The fierce debate over President Obama’s plan to hike taxes on families with incomes above $250,000 a year has mostly revolved around ideologically-fueled disputes about the impact on the broader economy—and has ignored the consequences for individual taxpayers.
Republican presidential challenger Mitt Romney predicts an increase would cripple growth as tens of billions of dollars flow away from the private sector each year, while Obama claims that a beleaguered middle class would suffer from the brunt of spending cuts needed to preserve the lower rates that were first introduced by President George W. Bush in 2001 and 2003. Voters heading to the polls in November will decide not just the occupant of the Oval Office, but what income tax rates will look like starting in 2013.
RELATED: Down and Out on $250,000 a Year
So what would it mean for the roughly two million American families and individuals on the higher end of the spectrum? That crucial question has escaped the partisan bickering so far.
For most, it’s likely a modest bump, according to independent analyses. At incomes above $1 million—about 378,000 people—the government would start extracting sums equal in size to a salaried job, and after that point the magnitude of the increases would snowball in exponential terms.
“The vast majority of people who are above these thresholds would face small to moderate tax increases, if they face increases at all,” said Joe Rosenberg, a tax policy researcher at the Urban Institute.
The numbers look intimidating at first. Obama would raise the tax rate from 33 percent to 36 percent on household incomes between $247,000 and $398,350. (The ceiling for individuals is $200,000.) Any earnings above that would be taxed at 39.6 percent, compared to the current top level of 35 percent. For those above that ceiling, tax rates on capital gains and dividends would also climb, a key change since many retirees and wealthy individuals derive their income from investments.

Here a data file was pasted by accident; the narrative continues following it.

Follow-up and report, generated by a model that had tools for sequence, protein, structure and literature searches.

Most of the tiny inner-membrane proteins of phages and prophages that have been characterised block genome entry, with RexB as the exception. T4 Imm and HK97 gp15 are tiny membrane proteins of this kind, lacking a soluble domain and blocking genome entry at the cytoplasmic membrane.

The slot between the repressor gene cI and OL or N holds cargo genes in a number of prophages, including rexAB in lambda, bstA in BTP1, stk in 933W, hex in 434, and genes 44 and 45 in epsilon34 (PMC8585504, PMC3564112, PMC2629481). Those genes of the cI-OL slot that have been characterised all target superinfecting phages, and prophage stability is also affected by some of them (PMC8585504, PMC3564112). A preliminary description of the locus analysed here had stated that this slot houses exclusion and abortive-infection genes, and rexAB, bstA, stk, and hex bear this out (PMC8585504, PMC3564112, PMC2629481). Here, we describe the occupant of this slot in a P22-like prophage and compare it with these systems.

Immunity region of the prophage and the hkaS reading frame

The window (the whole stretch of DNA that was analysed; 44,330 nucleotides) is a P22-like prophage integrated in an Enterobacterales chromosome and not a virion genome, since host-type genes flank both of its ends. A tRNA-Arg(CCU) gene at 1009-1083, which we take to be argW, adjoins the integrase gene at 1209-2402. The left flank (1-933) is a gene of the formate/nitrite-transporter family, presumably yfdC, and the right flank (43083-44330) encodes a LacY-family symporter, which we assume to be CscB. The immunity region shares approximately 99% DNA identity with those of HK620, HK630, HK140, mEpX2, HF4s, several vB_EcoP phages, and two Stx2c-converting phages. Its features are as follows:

But families with $250,000 to $300,000 in taxable income would on average owe an additional $199 a year, according to projections drawn from Census and IRS data by the progressive Citizens for Tax Justice. That works out to $16 a month, enough to reduce the number of afternoon stops at Starbucks but not so devastating that the beach vacation gets canceled.
“What gets lost in this debate is a lot of people in that range aren’t going to be affected,” said Nick Kasprak, who has analyzed Obama’s proposal for the non-partisan Tax Foundation and created an online calculator to see estimated tax bills.
That’s not quite the warning being sounded by Romney, who blasted the proposal this month to the conservative radio show host John Fredericks as “a massive tax increase job creators and on small business.
“This will be another kick in the gut to the middle class in America,” he continued.
Many families will have thousands of dollars in deductions that either put them slightly above or just below the $250,000 threshold. And because the United States has a marginal tax system— charging a smaller rate at each level of less income—much of their earnings would be protected from the increases called for by Obama and congressional Democrats.
The marginal system is a critical element that often gets glossed over in the political debate, distorting how people think about the proposal. Obama, in some ways, has mischaracterized his position by saying it’s a return to the policies of President Clinton during the 1990s, a period associated with the prosperity of the tech boom.
“I just believe that anybody making over $250,000 a year should go back to the income tax rates we were paying under Bill Clinton -- back when our economy created nearly 23 million new jobs, the biggest budget surplus in history, and plenty of millionaires to boot,” Obama said in a White House speech earlier this month.
But due to the marginal system, the country would not return to a Clinton-era tax code. Obama favors keeping the lower rates established by Bush for all earnings under $250,000 for at least one year. Even the wealthiest who would sacrifice a little more for the good of the federal budget would still benefit from those lower rates.